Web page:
As the coronavirus (COVID-19) has spread in the UK, many workers have been told to work from home, some have been furloughed, and others have begun using personal protective equipment (PPE) to try to contain and prevent the spread of the infection. We have obtained an estimate of exposure to disease (generally) and physical proximity for UK occupations based on US analysis of these factors1, using 2019 data.
While working practices and conditions may be slightly different in the US for similar occupations, these estimates offer valuable insight into occupations that involve working in close proximity with others and those that are regularly exposed to diseases. This is a useful indication of which roles may be more likely to come into contact with people with COVID-19, based on what these roles normally entail.
There is a clear correlation between exposure to disease, and physical proximity to others across all occupations. Healthcare workers such as nurses and dental practitioners unsurprisingly both involve being exposed to disease on a daily basis, and they require close contact with others, though during the pandemic they are more likely to be using PPE.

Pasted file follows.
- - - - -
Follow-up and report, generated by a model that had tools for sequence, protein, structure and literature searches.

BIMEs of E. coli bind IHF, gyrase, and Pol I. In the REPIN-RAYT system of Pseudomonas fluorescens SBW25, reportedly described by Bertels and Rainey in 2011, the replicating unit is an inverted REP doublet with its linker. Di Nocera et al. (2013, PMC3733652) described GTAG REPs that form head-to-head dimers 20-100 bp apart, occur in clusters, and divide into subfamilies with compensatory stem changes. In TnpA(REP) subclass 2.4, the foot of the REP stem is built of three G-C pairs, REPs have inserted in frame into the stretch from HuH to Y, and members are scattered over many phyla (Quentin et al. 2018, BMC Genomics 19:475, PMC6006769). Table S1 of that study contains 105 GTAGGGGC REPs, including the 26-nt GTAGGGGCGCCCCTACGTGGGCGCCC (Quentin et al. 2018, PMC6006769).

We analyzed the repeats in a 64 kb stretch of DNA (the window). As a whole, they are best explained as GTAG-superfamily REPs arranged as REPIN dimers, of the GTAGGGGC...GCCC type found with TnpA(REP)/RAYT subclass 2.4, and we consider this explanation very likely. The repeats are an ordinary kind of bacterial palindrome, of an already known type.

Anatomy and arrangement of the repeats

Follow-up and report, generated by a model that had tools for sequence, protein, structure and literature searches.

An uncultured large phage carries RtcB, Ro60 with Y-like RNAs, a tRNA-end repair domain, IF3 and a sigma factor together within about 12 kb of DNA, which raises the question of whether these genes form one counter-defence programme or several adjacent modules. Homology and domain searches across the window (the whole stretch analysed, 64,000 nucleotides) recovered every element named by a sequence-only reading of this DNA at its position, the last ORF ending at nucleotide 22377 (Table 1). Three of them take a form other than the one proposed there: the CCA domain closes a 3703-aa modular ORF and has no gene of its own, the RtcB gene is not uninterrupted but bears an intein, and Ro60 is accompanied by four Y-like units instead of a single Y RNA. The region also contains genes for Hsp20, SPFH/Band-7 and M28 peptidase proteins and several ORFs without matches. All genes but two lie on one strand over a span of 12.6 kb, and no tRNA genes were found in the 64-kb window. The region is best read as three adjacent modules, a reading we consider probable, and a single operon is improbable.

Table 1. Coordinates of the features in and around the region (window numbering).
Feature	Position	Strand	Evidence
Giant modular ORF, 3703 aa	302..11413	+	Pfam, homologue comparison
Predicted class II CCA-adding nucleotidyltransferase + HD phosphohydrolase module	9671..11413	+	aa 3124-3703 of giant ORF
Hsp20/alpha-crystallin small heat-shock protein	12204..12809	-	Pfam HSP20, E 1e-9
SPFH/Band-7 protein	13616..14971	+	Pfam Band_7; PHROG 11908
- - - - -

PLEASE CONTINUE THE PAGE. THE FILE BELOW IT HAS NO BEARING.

Healthcare workers are exposed to disease on a daily basis and require close contact with others
Occupations where workers are very rarely exposed to disease and don’t work near people, include artists, marketing associate professionals, and agricultural machinery drivers.
There are also occupations that are in the position of regularly being close to others, but not being directly exposed to diseases. Normally, workers in elementary occupations and hospitality roles, like bar staff, chefs, and hairdressers, would work within arm's length of people but not generally be exposed to disease. Because of the nature of these roles requiring close contact with people, employees in these occupations may be more likely to come into contact with someone who has COVID-19, but many of these types of businesses are currently closed to the public.
Some elementary occupations are not exposed to disease, but do require close contact with others
Workers in the education sector have lower exposure to disease than healthcare workers, but primary and nursery education teaching professionals, and special needs education professionals work in close proximity with pupils, and are more likely to be exposed to disease than secondary or higher education teaching professionals.
Education workers have slightly lower exposure to disease and proximity to others